Review Summary: Though the band's self-proclaimed return to their roots supplies some solid tracks, it seems that their roots may be starting to dry up.
Seriously... How many bands can simultaneously release a #1 mainstream rock single and avoid hate from Sputnik commenters?
Chevelle has gained, and earned, respect from the musical community for their commitment to their true sound. After 12 years since their first album, each album since has seen modifications (but not exactly revolutions) in their sound. It's not a secret that Chevelle releases a set of 11 hard-rocking, radio-friendly(ish) tracks with crunchy guitar, impassioned vocals, and somewhat dark atmospherics every two years or so. Their latest effort, "Hats off to the Bull," certainly doesn't change this formula. Though the band's self-proclaimed return to their roots kicks some serious ass along the way, it seems safe to say that their roots may be starting to dry up; the pros and cons of the band are becoming a little too familiar
Let's not kid ourselves: This band isn't defined by its rhythm section. I've listened to this album 5 times now and I cannot identify anything particularly interesting about Sam Loeffler's performance behind the drum kit. The high-energy rocker "Piñata" shows some quasi-interesting fills, but seriously Sam. It's time to let loose a little bit. On the bass guitar, Dean Bernandini's basslines have two purposes: they either provide a rollicking drive to the song ("Ruse," "The Meddler," "Hats off to the Bull") or just take a complete backseat, going along hand-in-hand with the guitar. But, these generalizations can be applied to any Chevelle album. So, per usual, the album's success depends on Pete Loeffler's guitar, vocals, and songwriting.
Here, we see a shift of focus away from the riffing. Though the album is bookended by two riff-focused tunes, gone is the nasty crunch of a "Family System" or a "Comfortable Liar." Gone are the catchy head-banging riffs of "Antisaint" or "Sleep Apnea." The riffs that are there are more supportive of the vocal line ("Hats off to the Bull") or simply seem a little lazy ("Face to the Floor," "Clones"). However, as a result of this shift, Pete may have given us the best vocal performance of his career. His timings and transition from his melodic voice, raspy yells, and falsetto are utterly fantastic. Songs like "Arise" and "Piñata" show this vocal calculation and prowess. On this note, his performance on the acoustic bonus track "Indifference" is utterly tremendous, and Pete makes his case to be of this century's premier rock vocalists. It seems pretty clear that the neat, yet somewhat unfulfilled track "Prima Donna" is on the album by virtue of its length, as "Indifference" clocks in barely over 2 minutes.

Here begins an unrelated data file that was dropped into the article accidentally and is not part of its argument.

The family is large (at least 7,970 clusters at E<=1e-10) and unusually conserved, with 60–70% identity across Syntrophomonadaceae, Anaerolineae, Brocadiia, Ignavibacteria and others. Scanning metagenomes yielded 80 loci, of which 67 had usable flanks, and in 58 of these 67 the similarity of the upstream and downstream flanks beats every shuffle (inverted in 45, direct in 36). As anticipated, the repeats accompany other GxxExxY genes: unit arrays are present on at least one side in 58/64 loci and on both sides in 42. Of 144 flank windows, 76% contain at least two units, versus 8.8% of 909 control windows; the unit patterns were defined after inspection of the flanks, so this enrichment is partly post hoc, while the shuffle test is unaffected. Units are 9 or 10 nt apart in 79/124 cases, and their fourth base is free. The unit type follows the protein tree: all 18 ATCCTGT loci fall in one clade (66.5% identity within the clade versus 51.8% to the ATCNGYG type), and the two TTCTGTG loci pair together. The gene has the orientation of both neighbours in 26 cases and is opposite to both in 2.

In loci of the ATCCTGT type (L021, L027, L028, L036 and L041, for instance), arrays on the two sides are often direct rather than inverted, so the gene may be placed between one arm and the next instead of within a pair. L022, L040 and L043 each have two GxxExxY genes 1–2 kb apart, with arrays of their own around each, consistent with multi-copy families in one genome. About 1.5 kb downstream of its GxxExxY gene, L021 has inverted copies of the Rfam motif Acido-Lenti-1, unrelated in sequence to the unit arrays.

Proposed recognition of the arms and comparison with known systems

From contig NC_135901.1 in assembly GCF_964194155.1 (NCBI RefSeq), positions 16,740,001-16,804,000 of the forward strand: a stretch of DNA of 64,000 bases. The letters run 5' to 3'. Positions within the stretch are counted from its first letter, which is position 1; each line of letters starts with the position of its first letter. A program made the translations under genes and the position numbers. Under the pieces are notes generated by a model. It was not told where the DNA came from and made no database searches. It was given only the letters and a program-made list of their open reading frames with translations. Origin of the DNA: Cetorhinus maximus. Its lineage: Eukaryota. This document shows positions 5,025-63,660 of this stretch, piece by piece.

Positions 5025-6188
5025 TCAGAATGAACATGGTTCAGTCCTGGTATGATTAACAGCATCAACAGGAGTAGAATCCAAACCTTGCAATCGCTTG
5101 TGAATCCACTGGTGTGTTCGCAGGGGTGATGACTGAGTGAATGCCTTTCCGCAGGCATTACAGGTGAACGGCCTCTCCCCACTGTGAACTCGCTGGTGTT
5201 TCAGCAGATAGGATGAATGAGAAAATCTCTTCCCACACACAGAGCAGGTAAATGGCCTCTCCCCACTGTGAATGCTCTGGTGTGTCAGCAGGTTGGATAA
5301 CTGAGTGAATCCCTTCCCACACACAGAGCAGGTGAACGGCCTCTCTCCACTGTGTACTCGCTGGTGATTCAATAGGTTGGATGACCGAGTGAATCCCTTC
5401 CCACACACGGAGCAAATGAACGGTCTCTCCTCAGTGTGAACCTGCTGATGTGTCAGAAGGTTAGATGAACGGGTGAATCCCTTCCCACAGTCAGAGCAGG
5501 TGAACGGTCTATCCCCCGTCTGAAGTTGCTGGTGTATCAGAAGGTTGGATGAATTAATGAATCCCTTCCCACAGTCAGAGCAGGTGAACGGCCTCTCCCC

Despite the perhaps-trite adherence to the Chevelle formula, the Loeffler crew (sister Natalie included) finds a way to fill a formulaic album with highlights. "Piñata," "Hats off to the Bull," and "The Meddler" feature some of Chevelle's best choruses to date, rivaling the incomparably infectious "Saferwaters." And then there's "Envy." This slow-burning, atmospheric tune may be best song on the album. Haunting guitar, brilliant vocals (from Pete and his sister, harmonizing beautifully), and atmospheric drumming make up the first portion of the tune. But, alas, the ending reverts to a typical, 4-power-chord, vocal-harmonizing line which finishes up the song on a note that's very... meh. Much like this song, Chevelle's sixth album "Hats off to the Bull" is the victim of the previous 5 albums, and indicates that the band might be running out of ideas.
Same Old Trip
Hats off to the Bull